Jeremiah Chin

Jeremiah Chin

Associate Professor of Law

 Sullivan Hall 433


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  • Constitutional Law
  • Critical Race Theory
  • Federal Indian Law
  • Race and Law


  • BUS, Social Justice, Media & Law, University of Utah, 2009
  • MS, Justice Studies, Arizona State University, 2014
  • JD, Sandra Day O'Connor College of Law, Arizona State University, 2017
  • PhD, Justice Studies, Arizona State University, 2017


Jeremiah Chin joined the faculty as an Associate Professor of Law in 2023. He teaches Constitutional Law, Race and Law, and Federal Indian Law. He received his J.D. and Ph.D. from Arizona State University. His research focuses on power and belonging, emphasizing the relationships between law and social sciences in constructions of race and Indigeneity. His articles have appeared in Boston University Law Review, the Alabama Civil Rights-Civil Liberties Law Review, Contexts Magazine, Theory into Practice, the John Marshall Law Review (now the UIC Law Review), and the Nevada Law Journal. He has taught at Arizona State University, St. Thomas University College of Law, and Boston University School of Law.

Recently, Jeremiah completed the book "The School-Prison Trust" with Dr. Sabina Vaught and Dr. Bryan Brayboy for the University of Minnesota Press, which engages the intertwined histories of conquest, incarceration, and education for Black and Native youth in the United States. His most recent article, "Antimatters" considers how confederate monuments function as forms of governance; protected under the First Amendment doctrine of government speech, yet simultaneously insulated from local governmental control.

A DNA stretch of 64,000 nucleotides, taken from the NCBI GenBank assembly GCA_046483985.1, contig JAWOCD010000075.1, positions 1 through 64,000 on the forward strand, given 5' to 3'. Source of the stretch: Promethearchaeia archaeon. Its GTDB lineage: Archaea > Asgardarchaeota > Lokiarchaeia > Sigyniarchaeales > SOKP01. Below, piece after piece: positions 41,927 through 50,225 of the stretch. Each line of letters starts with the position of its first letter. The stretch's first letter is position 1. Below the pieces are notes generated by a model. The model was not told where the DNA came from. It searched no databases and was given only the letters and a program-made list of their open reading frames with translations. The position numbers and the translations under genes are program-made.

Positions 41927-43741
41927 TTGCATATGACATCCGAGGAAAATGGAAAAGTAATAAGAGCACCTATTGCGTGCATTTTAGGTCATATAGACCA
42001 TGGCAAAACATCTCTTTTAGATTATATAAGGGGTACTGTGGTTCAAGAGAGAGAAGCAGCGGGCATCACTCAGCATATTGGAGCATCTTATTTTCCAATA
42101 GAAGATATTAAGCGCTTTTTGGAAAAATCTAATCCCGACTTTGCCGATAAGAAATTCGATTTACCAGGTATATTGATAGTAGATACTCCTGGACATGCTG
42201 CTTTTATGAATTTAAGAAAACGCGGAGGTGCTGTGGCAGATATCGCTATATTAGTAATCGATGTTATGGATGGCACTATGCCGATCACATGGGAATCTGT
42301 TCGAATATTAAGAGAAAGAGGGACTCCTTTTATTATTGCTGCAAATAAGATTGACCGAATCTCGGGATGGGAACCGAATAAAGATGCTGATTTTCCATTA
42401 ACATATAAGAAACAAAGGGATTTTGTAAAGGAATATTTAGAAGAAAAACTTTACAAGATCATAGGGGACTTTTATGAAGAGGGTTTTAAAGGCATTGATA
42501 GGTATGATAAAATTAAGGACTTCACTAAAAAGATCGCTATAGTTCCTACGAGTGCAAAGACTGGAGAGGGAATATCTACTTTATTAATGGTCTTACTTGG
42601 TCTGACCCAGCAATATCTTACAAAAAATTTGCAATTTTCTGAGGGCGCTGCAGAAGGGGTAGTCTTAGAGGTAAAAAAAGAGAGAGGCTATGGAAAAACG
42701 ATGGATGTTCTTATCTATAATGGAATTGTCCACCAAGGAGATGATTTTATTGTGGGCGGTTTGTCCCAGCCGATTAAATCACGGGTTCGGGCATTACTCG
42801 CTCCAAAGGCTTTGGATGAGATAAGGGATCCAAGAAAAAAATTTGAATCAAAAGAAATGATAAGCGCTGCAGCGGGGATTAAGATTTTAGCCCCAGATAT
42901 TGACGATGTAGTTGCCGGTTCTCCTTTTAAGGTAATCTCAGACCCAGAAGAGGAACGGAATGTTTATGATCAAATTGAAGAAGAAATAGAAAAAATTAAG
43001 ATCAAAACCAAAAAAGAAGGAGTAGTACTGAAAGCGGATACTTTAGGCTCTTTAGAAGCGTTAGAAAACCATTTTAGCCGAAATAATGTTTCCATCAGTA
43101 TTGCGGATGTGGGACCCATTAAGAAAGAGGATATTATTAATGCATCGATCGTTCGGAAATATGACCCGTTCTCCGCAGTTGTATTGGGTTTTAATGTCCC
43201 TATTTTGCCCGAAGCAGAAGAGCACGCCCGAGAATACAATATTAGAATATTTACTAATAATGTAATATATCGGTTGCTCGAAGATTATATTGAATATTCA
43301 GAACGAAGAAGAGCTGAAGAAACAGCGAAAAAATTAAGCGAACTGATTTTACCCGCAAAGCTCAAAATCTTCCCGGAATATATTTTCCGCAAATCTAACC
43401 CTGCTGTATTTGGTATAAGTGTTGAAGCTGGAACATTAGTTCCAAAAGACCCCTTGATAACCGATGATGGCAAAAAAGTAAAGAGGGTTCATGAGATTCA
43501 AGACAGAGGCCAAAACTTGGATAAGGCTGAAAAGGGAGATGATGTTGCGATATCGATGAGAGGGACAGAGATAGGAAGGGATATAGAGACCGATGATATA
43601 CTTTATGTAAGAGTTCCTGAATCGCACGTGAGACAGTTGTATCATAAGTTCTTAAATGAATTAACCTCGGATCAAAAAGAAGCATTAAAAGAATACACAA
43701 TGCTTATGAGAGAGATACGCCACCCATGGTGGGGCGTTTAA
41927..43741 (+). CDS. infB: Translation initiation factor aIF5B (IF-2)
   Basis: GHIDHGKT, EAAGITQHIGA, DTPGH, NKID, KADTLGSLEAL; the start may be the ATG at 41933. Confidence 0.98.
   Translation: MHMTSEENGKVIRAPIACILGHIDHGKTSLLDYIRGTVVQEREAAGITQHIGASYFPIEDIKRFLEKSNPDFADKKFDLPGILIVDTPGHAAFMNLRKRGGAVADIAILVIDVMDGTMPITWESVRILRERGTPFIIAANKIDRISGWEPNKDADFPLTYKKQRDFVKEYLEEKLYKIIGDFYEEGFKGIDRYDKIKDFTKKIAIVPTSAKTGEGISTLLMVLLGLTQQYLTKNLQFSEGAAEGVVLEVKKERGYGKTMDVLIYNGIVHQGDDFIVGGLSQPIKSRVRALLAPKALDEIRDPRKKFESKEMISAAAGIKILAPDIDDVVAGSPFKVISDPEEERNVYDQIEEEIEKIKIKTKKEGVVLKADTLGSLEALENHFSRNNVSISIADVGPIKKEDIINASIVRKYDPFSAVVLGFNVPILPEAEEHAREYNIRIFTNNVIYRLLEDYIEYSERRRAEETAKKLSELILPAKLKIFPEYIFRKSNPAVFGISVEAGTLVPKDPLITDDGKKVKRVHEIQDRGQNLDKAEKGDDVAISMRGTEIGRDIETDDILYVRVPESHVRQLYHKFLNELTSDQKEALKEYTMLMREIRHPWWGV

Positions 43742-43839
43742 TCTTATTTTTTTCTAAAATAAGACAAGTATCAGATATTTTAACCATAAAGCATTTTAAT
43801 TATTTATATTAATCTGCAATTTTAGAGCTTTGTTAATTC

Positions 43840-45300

• Sabina Vaught, Bryan Brayboy, & Jeremiah Chin, The School-Prison Trust (2022)


  • Jeremiah Chin, Antimatters: The Curious Case of Confederate Monuments, 103 B. U. L. Rev. 311 (2023).
  • William Knight, Nicholas Bustamante, Jeremiah Chin, Duren v. Missouri: A Post-Peremptory Path to Representative Juries, Arizona Attorney, 59, no.8 (April 2023): 18-27.
  • Jeremiah Chin, Modern Authorities: For jurists who have considered social science when doctrine was not enough, 13.2 Ala. Civ. R. Civ. Liberties L. Rev. 265 (2022).
  • Bryan McKinley Jones Brayboy & Jeremiah Chin, On the Development of Terrortory, Contexts, 19, no. 3 (August 2020): 22-27
  • Jeremiah Chin, Red Law, White Supremacy: Cherokee Freedmen, Tribal Sovereignty, and the Colonial Feedback Loop, 47 JOHN MARSHALL L. REV. 1227 (2014).
  • Jeremiah Chin, 'Lockdown for Liberty!: Labor, Black Masculinity and Mass Incarceration in Georgia, 4 L.J.SOC. JUSTICE 54 (2013).
  • Jeremiah Chin, What a Load of Hope: The Post-Racial Mixtape, 48 CAL. W. L. REV 369 (2012).